For the past few months, I have been in survival mode. It’s only been about making it through the day, just completing the most essential of tasks. I am starting to realize that I wasn’t very good at handling my disappointment with a few people in my life, and I bottled everything up and hibernated. I gave them all of my power, and I allowed them to take complete control of my life.
I know that I need to stop blaming them too, I think the reason I have is because it’s been hard for me to process this emotion of disappointment. I don’t do things for others because I expect anything back–the disappointment comes from hoping they will show up in some form or another for you, but they don’t at all.
You aren’t worth anything for them, when they meant so much to them. It can be a really tough pill to shallow, and I’ve had a hell of a time managing to this, but I’m starting to see the light at the end of tunnel. I am starting to see how much healthier and happier my life can be without them. And with this healing taking place, I’m starting to pick up my writing projects again.
Earlier this year, I self published February Rain which was an accomplishment that brought me a lot of joy. For me, the success comes from finishing the project. I had an idea for another poetry book but I haven’t made any effort on it. I’m starting to scribble ideas down and I can feel the momentum building.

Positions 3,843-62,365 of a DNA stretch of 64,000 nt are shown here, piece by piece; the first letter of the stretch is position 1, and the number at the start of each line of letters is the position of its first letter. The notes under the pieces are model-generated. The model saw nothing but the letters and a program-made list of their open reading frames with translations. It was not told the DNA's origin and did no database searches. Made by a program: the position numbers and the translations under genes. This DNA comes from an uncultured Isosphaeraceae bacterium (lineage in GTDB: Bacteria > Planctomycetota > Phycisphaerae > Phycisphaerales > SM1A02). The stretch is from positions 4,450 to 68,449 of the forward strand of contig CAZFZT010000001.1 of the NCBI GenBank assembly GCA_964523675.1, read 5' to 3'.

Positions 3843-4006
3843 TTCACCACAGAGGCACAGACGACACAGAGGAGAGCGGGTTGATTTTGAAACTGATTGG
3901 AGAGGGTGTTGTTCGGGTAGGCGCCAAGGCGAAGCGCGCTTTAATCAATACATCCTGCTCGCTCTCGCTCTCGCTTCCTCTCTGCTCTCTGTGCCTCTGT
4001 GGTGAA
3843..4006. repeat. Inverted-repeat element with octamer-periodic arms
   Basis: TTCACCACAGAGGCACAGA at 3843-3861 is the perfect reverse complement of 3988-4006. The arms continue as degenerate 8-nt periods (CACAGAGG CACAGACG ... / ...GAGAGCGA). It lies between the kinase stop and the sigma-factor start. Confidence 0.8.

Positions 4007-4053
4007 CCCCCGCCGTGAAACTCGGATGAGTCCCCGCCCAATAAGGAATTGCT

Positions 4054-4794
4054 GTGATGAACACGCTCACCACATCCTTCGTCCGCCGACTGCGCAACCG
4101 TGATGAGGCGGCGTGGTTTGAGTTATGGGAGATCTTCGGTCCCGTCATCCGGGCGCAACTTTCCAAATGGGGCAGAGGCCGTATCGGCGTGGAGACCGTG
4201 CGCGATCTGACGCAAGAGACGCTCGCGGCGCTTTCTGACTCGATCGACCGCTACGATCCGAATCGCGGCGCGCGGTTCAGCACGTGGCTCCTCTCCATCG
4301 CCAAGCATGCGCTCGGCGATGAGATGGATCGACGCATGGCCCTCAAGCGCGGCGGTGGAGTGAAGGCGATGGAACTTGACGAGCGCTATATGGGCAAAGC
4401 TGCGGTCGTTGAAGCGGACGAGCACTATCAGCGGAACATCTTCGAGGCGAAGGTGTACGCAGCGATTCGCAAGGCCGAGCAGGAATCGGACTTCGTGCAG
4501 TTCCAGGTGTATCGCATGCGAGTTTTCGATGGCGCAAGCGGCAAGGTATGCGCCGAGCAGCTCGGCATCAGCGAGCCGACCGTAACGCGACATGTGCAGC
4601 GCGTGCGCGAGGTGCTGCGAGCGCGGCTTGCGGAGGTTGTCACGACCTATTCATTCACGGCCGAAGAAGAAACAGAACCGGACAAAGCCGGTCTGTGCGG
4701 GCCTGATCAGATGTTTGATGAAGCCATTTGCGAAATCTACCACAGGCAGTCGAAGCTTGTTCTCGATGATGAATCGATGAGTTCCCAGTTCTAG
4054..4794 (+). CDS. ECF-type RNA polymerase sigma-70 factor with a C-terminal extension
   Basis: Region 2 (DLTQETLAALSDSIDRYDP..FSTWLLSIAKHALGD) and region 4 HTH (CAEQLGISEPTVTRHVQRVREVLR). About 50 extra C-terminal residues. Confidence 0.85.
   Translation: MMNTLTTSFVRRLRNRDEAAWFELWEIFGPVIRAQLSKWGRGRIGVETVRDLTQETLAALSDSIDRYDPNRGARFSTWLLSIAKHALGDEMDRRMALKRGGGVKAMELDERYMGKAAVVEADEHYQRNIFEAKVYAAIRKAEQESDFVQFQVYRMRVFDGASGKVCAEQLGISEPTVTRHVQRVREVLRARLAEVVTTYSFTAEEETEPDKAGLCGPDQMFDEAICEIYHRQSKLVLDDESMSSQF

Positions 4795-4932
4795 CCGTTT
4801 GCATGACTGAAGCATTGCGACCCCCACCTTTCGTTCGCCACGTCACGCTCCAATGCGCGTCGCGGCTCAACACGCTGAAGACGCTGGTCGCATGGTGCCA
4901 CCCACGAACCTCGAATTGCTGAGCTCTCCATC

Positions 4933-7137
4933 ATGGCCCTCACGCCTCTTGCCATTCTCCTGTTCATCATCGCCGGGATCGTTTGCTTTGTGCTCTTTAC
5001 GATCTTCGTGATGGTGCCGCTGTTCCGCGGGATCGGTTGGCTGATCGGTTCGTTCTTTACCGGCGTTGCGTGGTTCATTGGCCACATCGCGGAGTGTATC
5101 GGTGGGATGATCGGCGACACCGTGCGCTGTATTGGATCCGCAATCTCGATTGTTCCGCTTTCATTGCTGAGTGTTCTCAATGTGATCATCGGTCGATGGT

My hope is in a few months, I’ll be able to write every day, and take back my projects.
When editing a manuscript it is ridiculously easy to become blind to your own errors. Many of my mistakes slip by, even though I’ve really sharpen my editing skills. I’m still nothing close to perfect, English is just far too difficult to understand sometimes.
The more I learn, the less I know.
For example, I’m still struggling to fully differentiate between farther and further. This is probably one example of probably 10 other questions I’m currently researching. I’ve used both words in my own speaking interchangeably, but I’m starting to suspect now that many of those uses were incorrect.
With February Rain, the manuscript was edited numerous times, but when the printed book came out, a few errors stood out like a sore thumb. Thankfully, I was able to catch them and update the book in the amazon store.
After reviewing my newest printed copy, I can say with probably 95% confidence, the book is error-free. I’m one of those writers who will never ever claim to know everything there is to know. I’m always studying and striving to improve my skills and techniques, and I don’t think I’ve ever be perfect, even if I spend the next 50 years locked on a mountain with a bunch of grammar books. If that happened, I’m sure my language would find itself 50 years out of date, since language and always evolving and also, there is always and will be something new to learn.
Reading this version of the book without errors, I was finally able to dive into the poems. I really love this book because I’m still in so much love with the poems. Yes, I am the author, but I do not feel biased, because I usually hate everything that I write when I read it a short while later. I was very surprised to find that I still adore these poems and the images of other realities that it evokes within me. I usually question if I am capable of writing anything interesting, but I am still fascinated with February Rain.